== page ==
Seven Tips for Buying Used Gear

Gear ReviewBuying used gear or parts is a great way to save yourself some money.  On the flip side, it’s a great way to make a few bucks and subsidize new moto-purchases.  But seriously, some of you folks need to polish your skills on being a buyer.  Shitty sellers exist too, but I’ve found FAR more shitty buyers in my time.  Based on a recent experience I had, here are some tips on buying gear and parts.

Do your homework.

Read the ad and ask questions before you agree to a price.  “What’s the fit like?” “How old is it?” “Can I get a couple more detailed pictures?”  “How many miles are on it?” “What’s it size like?”  “How often was it used?”  These are just a few examples.  Ask questions before buying or you’ll be disappointed with your purchase.  A good ad-post has all the info you need.  Don’t respond to an ad for a medium-size jacket when you’re CLEARLY a large sized guy.

Mileage is your problem.

Just like if you were paying for shipping, mileage is a ‘you’ problem.  Expecting the sellers to knock something off the price because you drove ‘all that way’ is a dick move.  If you don’t want to drive far, agree to somewhere in the middle.  Don’t demand the seller cut you a break just because you drove.

Bring exact change.

If you’re paying in cash, bring the agreed sell price in cash. Yes, bring a combination of bills for last minute price adjustments, but don’t expect the seller to have a wallet full of small (or large) bills to break your $100 on a $35 purchase.  The USD $100 bill is the most counterfeited bill outside the United States.  Don’t be surprised if someone is anxious about breaking your big bills.

Know the market price.

Know the market price of what you’re buying. Sellers expect some haggling, and it’s usually built into the asking price, but don’t expect thrift store prices from riders who know the value of an item.  A good-condition leather jacket, a helmet, or bike has a bottomline value.  Don’t demand a huge discount on something under the asking price once you meet.  You’ll go home empty handed if you’re expecting a price lower than the market value.  If you play the game, be prepared for the seller to walk away.

This isn’t the sellers job.

Selling used gear and parts usually isn’t someone’s job.  Maybe they make a little side money or they subsidize their habit by selling old stuff. Sure there are some professional flippers out there, but most people are just trying to clean out their closet or garage.  That said, people know what something is worth.  Telling them their item is crap because of some reason you make up won’t gain you any points.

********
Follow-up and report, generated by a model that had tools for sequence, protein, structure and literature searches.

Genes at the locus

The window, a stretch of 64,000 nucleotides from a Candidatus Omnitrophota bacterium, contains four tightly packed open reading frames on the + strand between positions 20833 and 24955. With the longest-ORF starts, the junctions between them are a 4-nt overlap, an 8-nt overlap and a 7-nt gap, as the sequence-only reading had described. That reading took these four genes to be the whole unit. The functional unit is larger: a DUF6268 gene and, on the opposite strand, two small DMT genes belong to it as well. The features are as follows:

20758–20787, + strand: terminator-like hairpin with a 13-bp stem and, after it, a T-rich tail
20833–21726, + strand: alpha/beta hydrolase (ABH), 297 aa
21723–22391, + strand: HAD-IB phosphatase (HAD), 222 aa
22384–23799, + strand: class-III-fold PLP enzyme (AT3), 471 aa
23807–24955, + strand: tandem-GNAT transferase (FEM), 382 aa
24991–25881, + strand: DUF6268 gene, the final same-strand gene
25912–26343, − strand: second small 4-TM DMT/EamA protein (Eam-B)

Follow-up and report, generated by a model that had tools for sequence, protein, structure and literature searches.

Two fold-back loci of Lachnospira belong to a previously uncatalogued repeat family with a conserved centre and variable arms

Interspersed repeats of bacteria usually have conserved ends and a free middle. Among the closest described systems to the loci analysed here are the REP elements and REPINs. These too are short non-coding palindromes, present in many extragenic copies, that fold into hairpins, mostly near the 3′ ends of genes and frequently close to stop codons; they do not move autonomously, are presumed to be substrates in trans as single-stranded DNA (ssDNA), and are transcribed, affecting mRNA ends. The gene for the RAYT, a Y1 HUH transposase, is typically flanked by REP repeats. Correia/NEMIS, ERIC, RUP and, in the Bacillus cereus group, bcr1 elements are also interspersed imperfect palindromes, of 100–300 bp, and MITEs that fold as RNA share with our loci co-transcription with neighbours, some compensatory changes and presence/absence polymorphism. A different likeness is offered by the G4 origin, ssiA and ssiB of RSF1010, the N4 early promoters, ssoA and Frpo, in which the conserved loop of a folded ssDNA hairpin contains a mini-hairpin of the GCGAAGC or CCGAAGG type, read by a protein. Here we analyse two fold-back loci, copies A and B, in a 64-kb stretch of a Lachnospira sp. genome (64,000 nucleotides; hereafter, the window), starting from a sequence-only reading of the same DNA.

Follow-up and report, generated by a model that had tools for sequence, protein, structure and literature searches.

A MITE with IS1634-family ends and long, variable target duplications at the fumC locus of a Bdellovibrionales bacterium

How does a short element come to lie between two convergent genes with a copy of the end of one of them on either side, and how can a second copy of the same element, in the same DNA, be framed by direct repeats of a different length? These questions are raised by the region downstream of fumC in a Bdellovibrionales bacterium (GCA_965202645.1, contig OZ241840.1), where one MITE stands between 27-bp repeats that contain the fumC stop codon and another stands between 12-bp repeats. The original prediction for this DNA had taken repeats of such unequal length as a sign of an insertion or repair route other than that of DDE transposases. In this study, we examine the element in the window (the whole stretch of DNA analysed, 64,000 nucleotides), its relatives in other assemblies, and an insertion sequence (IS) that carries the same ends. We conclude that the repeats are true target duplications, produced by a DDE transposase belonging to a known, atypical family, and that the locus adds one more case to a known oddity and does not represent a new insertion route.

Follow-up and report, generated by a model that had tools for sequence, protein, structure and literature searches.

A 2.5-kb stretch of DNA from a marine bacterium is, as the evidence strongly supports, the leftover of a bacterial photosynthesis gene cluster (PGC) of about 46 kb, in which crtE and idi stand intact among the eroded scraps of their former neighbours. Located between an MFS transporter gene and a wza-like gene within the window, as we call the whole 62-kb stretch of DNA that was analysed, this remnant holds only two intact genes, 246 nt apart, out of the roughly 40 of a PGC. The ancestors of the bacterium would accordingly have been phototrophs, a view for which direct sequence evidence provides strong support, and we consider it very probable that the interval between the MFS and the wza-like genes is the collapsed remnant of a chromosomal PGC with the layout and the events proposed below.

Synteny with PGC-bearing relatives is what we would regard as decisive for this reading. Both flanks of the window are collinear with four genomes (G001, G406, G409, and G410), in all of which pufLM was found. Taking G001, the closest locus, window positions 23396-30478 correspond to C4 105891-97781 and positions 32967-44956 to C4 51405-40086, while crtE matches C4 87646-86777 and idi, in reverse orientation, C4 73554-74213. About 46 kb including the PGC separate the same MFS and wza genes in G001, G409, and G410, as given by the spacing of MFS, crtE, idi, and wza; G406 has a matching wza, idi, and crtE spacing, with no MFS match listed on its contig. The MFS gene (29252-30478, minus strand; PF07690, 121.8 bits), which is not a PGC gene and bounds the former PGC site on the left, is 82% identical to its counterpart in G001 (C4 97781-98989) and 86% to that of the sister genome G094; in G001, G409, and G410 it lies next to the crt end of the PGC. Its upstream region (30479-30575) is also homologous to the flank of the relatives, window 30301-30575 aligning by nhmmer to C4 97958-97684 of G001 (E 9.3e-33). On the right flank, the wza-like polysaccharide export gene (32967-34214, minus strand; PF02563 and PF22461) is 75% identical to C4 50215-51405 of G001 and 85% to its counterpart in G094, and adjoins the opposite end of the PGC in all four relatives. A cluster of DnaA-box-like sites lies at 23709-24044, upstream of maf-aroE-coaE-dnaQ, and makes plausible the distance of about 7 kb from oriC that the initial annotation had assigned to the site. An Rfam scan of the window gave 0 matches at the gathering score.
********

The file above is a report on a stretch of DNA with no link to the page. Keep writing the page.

Don’t lie.

If you’re going to run some kind of price haggle, don’t lie.  Don’t use the tired old “all I have is $50,” and when you open your wallet it’s full of $100’s.  Don’t run some sob story about how your dog died and times are tough and blahblahblah.  Hey, times are tough for everyone.  This transaction has nothing to do with your made up life events.

Don’t be a dick.

You’re buying something. The seller has something you want.  Find a price in the middle and work it out.  Being a dick doesn’t help anyone and it actively degrades the online selling community.  Examples of being a dick:  aggressively pressuring the seller into taking your 30% discount price because you don’t want to ‘waste their time;’ guilting them into a price because ‘you drove all that way;’   yelling at them in a parking lot because they’re ‘not nice.’  Many cities are setting up safe zones for selling because people are dicks, or worse.  Don’t be that guy.

 

Buying and selling used gear can be an easy experience. I’ve sold a lot of stuff to strangers over the years, dating back to the pre-internet days of The Recycler and BBS systems. Mostly I’ve had no-shows, low-ballers, and tire-kickers. However I recently had a sale that violated almost all of these tips. This guy acted sketchy and he made me so uncomfortable I almost called the cops.  Have you had a scary selling experience?  Let me know in the comments.

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